2017-02-25T11:45:30.792+01:00

A friend of mine blogged about Eoraptor, Unaysaurus and T-Rex. A fun read about FreeBSD, Solaris, Linux and others.



Solaris 11 Continuous Delivery Model

2017-01-20T11:53:37.783+01:00

Solaris 11 adopts Continuous Delivery model, which means instead of Solaris 12 there will be Solaris 11.4, 11.5, etc. This is generally a good thing - quicker adoption of new features as most software certified for Solaris 11 should stay certified for the new dot releases, etc. This is also similar to what Microsoft did with Windows.

Oracle also extended Solaris 11 support to 2031.





AI: Distro Constructor and a Custom Script

2016-10-21T13:00:51.920+02:00

When building your own AI images with distro_const it is useful sometimes to add a custom script to modify the resulting image. This is easily achievable by adding a custom script to the xml manifest provided to distro_cons.

For example, to change the default password for user jack, add the following checkpoint to the xml file, just before pre-pkg-img-mode checkpoint. 


<!--
Set password to user jack, should match root password
(if hash contains slashed they need to be backslashed)
-->
<checkpoint name="lock-jack-account"
desc="Lock the jack account from login"
mod_path="solaris_install/distro_const/checkpoints/custom_script"
checkpoint_class="CustomScript">
<args>/usr/bin/gsed -i -e 's/jack:.[^:]*:/jack:XXXXXX:/g'
{PKG_IMAGE_PATH}/etc/shadow
</args>
</checkpoint>




Requiring both GSSAPI and OTP

2016-10-11T12:41:01.757+02:00

Darren Moffat blogged about how to force both GSSAPI (or pubkey) and OTP on Solaris in OpenSSH. This works, although is not entirely obvious how to set it up at first.






SPARC S7 and M7

2016-07-28T12:45:41.474+02:00





SPARC S7

2016-07-01T22:01:58.516+02:00

Oracle released new SPARC S7 CPU and SPARC S7-2 and S7-2L servers. This is really interesting SPARC CPU if you need low-end servers, the first one in many, many years which can compete with x86 both in performance and price. It has some unique features as well.

See launch video.

Various articles on S7:

TheNextPlatform
The Register
PCWorld
ComputerWorld

Also see some benchmarks already published:

SPECjbb2015
SPECjEnterprise2010
Database: S7 vs x86
Yahoo Cloud Serving Benchmark





Adjusting SO_RCVBUF of a running process

2016-05-20T02:07:11.151+02:00

Recently I was looking into how to increase SO_RCVBUF size for a given socket in a running process, without having to restart it. This could be useful, if an application can't be restarted anytime soon, yet there are drops observed due to too low receive buffer set, or perhaps a given application doesn't even allow for the receive buffer to be specified and has a hard-coded value. In my case, an application does allow for the buffer to be specified, but it only sets it on startup and I couldn't restart it.Solaris (nor Linux AFAIK) does not provide a tool to easily adjust the buffer for a socket in a running process, so I looked if I could do it via libproc. The answer is yes, and it is pretty straightforward.I quickly wrote a small C program which changes the SO_RCVBUF size for a given pid and file descriptor number. Let's see an example on how to use it.There is a process with pid 893 listening on port UDP/32623 with the SO_RCVBUG currently set to 128104: # pfiles 893893: /usr/local/bin/test-daemon Current rlimit: 256 file descriptors... 4: S_IFSOCK mode:0666 dev:574,0 ino:43685 uid:0 gid:0 size:0 O_RDWR|O_NONBLOCK FD_CLOEXEC SOCK_STREAM SO_REUSEADDR,SO_SNDBUF(49152),SO_RCVBUF(128104) sockname: AF_INET 0.0.0.0 port: 32623 congestion control: newreno...Let's change the SO_RCVBUG to a higher value:# ./pr_setsockopt 893 4 500000Current SO_RCVBUG is 128104New SO_RCVBUG is 500088# pfiles 893... 4: S_IFSOCK mode:0666 dev:574,0 ino:43685 uid:0 gid:0 size:0 O_RDWR|O_NONBLOCK FD_CLOEXEC SOCK_STREAM SO_REUSEADDR,SO_SNDBUF(49152),SO_RCVBUF(500088) sockname: AF_INET 0.0.0.0 port: 32623 congestion control: newreno...The code is very similar to the one I wrote last time. However, as there is no pr_setsockopt() wrapper function, I wrote one based on how the other pr_* functions are implemented, specifically pr_getsockopt(). The trick is that there is Psyscall() function available, which allows you to call any syscall from the target process, so all that is required is to use it to call SYS_setsockopt. As the source code for Solaris is no longer publicly available, I used Illumos source code. The program was tested only on Solaris 11 x86, although it probably works fine on Solaris 10 and Illumos, and should work on SPARC as well. It is a quick "hack", with no safeguards, no proper argument parsing, etc.Use it at your own risk.// gcc -m64 -lproc -o pr_setsockopt pr_setsockopt.c#include #include #include #include #include #include pr_setsockopt(struct ps_prochandle *Pr, int sock, int level, int optname, void *optval, int optlen) { sysret_t rval; /* return value from getsockopt() */ argdes_t argd[5]; /* arg descriptors for getsockopt() */ argdes_t *adp; int error; if (Pr == NULL) /* no subject process */ return (_so_setsockopt(sock, level, optname, optval, optlen)); adp = &argd[0]; /* sock argument */ adp->arg_value = sock; adp->arg_object = NULL; adp->arg_type = AT_BYVAL; adp->arg_inout = AI_INPUT; adp->arg_size = 0; adp++; /* level argument */ adp->arg_value = level; adp->arg_object = NULL; adp->arg_type = AT_BYVAL; adp->arg_inout = AI_INPUT; adp->arg_size = 0; adp++; /* optname argument */ adp->arg_value = optname; adp->arg_object = NULL; adp->arg_type = AT_BYVAL; adp->arg_inout = AI_INPUT; adp->arg_size = 0; adp++; /* optval argument */ adp->arg_value = 0; adp->arg_object = o[...]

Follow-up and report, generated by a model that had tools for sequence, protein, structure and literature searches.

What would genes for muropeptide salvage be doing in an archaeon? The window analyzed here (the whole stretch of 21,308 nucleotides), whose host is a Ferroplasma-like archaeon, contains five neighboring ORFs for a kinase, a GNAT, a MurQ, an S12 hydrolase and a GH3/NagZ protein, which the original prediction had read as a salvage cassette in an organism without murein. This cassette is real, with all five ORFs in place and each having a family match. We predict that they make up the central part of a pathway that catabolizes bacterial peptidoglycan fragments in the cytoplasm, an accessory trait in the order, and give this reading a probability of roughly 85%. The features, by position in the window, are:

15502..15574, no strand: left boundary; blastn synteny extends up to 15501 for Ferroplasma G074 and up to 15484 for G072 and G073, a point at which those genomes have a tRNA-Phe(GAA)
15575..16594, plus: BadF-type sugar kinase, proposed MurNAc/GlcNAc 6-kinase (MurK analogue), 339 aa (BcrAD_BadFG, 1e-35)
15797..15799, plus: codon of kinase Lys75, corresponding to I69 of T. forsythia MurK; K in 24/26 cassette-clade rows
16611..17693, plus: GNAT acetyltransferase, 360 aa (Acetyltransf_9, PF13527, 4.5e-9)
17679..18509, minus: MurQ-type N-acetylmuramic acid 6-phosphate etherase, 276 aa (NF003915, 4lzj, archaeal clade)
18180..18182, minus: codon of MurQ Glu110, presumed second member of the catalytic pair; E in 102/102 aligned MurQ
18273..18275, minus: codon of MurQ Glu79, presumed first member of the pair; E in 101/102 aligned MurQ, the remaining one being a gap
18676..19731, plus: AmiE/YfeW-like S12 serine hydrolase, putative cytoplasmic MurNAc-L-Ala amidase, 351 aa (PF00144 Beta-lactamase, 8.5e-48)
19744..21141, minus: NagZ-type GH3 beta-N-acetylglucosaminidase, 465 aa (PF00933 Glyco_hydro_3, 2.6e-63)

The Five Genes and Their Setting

Full command line returned by ps

2016-03-02T01:27:26.263+01:00

ps command can now show full command line on Solaris 11 as well. Thank you Casper.
For more details see here.



ZFS in Ubuntu?

2016-02-26T07:23:14.565+01:00

Interesting news about ZFS to be included in Ubuntu with commercial support as well.
There seem to be licensing issues though.




Remote Management of ZFS servers with Puppet and RAD

2015-08-30T12:39:57.913+02:00

Manuel Zach blogs about how to use Puppet and the new Solaris RAD's REST interface introduced in Solaris 11.3. Solaris RAD is really interesting if you want to manage your servers via a programmatic interface.



Kernel Zones - Adding Local Disks

2015-08-07T14:12:50.070+02:00

It is possible to add a disk drive to a kernel zone by specifying its physical location intead of CTD.


add device
set storage=dev:chassis/SYS/HDD23/disk
set id=1
end
This is very nice on servers like x5-2l with pass-thru controller when all 26 local disks are visible like this.